IMO: Its clear that your TL = straight QWP design lack a low f-3dB point when just by calculating your driver in box seen equivalent Qt value ( depending of the closed pipe volume).

b:)
 

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The driver's specs are suited for B%$3 WC, TH or similar loading, but I assume don't have enough Xmax for acceptable performance anywhere near its Fs.

The long, tiny pipe will compression load the driver, reducing its effective Qts, further over-damping them. It won't make for an accurate reproducer, but it will be very 'tight'/'fast'. A max flat impedance TL OTOH will work well, though will have a much higher tuning same as a T/S max flat vented alignment (22.5/0.282 = ~79.8 Hz), but a much slower roll off, so much more accurate with ~transient perfect response.

Driving these with a high output impedance will raise its effective Qts which will in turn increase the net pipe volume required, lowering its compression loading, max flat impedance tuning.

WRT choosing a TL alignment with a Qts < ~0.4, calculating a T/S max flat alignment to get an acceptable cross sectional area (CSA), tuning has worked well enough for me, but I did these long before MJK's work, so tend to be larger in the few I've compared, though should still be fine for choosing a tuning (~32 Hz for this driver). For > ~0.4 Qts, I use a max flat impedance alignment.

GM
 
Google for George Augspurger's article, I think in the old Voice Coil magazine. He also had a software he wrote, probably the best TL calculator to date.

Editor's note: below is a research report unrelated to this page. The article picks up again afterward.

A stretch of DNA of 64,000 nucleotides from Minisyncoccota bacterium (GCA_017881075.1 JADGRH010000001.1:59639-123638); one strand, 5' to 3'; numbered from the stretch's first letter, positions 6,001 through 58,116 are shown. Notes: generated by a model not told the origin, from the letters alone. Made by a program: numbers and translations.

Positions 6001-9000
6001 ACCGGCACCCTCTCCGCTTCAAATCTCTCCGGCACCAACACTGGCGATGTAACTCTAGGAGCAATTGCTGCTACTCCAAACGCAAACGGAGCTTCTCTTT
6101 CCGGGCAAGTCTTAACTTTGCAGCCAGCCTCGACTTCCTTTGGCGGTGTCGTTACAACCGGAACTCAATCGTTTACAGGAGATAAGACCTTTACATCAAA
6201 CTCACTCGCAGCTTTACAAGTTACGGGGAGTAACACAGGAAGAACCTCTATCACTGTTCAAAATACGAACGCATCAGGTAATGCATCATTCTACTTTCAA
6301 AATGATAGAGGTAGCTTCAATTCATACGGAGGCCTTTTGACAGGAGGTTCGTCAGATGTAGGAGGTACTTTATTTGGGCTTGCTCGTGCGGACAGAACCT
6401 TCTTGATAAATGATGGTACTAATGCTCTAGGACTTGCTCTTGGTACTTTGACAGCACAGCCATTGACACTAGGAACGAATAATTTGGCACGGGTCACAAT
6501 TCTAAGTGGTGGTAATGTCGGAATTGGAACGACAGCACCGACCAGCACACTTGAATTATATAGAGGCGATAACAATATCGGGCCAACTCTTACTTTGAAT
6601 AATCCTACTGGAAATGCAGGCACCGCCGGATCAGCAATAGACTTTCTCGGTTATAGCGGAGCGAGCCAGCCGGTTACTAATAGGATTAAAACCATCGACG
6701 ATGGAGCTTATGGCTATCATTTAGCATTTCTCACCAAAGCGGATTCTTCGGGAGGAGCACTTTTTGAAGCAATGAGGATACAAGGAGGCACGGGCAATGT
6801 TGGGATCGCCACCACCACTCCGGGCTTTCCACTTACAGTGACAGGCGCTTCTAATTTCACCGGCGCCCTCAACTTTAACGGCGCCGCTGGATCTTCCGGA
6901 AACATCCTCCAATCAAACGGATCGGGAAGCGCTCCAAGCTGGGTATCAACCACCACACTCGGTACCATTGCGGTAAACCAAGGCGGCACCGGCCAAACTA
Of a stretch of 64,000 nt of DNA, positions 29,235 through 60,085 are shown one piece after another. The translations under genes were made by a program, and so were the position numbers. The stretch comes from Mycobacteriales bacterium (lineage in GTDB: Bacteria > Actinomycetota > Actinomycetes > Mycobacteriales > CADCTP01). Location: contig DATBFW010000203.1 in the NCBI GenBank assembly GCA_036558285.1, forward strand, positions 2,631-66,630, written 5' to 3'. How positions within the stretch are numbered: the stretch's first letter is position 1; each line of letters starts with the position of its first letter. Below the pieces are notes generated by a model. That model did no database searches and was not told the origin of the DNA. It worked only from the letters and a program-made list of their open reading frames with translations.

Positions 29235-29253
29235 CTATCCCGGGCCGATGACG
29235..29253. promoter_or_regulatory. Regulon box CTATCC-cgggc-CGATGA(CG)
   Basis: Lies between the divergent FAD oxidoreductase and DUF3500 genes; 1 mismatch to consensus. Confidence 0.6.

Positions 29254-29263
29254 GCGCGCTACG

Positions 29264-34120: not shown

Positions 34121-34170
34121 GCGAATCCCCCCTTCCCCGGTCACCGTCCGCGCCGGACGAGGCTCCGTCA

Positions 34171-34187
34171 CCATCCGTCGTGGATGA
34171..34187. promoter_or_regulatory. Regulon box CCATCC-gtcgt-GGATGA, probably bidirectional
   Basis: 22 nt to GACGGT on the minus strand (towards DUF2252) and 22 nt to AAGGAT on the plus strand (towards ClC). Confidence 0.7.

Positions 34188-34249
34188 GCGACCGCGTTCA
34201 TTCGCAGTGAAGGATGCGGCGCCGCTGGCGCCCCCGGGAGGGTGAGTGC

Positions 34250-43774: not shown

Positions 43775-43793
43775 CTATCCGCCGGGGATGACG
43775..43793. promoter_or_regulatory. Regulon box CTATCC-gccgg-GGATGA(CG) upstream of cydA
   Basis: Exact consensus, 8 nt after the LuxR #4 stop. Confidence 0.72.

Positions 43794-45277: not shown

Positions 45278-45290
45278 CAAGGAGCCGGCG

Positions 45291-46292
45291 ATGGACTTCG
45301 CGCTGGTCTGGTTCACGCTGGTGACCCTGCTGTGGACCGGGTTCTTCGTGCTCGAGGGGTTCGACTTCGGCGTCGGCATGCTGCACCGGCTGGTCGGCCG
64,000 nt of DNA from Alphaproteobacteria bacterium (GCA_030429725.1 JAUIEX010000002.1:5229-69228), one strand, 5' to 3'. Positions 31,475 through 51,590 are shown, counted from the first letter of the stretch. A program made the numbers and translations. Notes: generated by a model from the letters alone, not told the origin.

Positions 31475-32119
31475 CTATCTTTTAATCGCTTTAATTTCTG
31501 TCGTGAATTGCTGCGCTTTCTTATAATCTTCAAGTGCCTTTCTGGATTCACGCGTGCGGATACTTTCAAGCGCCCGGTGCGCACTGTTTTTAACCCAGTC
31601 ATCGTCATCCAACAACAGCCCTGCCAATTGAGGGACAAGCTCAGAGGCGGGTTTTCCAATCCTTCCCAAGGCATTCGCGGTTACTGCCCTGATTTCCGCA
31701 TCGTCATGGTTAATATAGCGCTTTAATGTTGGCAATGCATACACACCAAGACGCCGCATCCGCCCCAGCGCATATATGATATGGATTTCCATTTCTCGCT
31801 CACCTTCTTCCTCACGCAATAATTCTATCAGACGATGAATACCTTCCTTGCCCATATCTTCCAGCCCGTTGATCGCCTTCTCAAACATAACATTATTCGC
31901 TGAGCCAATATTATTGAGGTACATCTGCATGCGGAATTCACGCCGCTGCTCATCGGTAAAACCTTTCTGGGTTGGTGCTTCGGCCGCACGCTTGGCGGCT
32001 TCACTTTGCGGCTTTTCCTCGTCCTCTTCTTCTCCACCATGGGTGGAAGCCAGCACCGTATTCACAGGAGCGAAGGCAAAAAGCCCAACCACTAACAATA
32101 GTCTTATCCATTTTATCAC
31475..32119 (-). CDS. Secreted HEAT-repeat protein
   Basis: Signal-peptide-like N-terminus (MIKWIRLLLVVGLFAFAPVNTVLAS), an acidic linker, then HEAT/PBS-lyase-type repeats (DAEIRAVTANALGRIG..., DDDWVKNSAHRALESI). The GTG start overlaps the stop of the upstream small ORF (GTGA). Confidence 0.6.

Study the question of stuffing a lot. Rock wool is good but settles over time; I think the chunk-y fiberglass may be better. And of course, bends can reduce some end-to-end reflections, but sharp bends are hard on proper operation.

I do think your unusual parameters seem like good candidates for a TL. Good luck!
 

IG81

Member
2008-02-22 1:21 pm
Thanks for the info you guys!

Before I got to read your answers, I already calculated for a ~35Hz tuning. It would yield pretty much the same external box dimension, with a single fold this time, CSA increasing a bit this time.

I checked with the physical build with ¾ ply and would have the following geometry:

L = 89.5", yielding a theoritical 37.7Hz tuning
CSA = 8" by 6.5", 52sq.in
driver offset (0.349) = 31.35"

I think that would be a saner aproach. I'll try to look it up in HR, see what I can do. For now I seem to be unable to download HR, websites seem to be down or something.

Here's what it'd look like:

ADS_TL.gif

48" high, 15.25" deep, 10.5" wide. The side panels would sandwich all the other 8" wide front, back and interior baffles. Not show are corner 45deg braces and perhaps a few braces along the way to subdivide baffles into smaller sub-panels. I would initially stuff the first 2/3 of the line and experiment to suit my taste.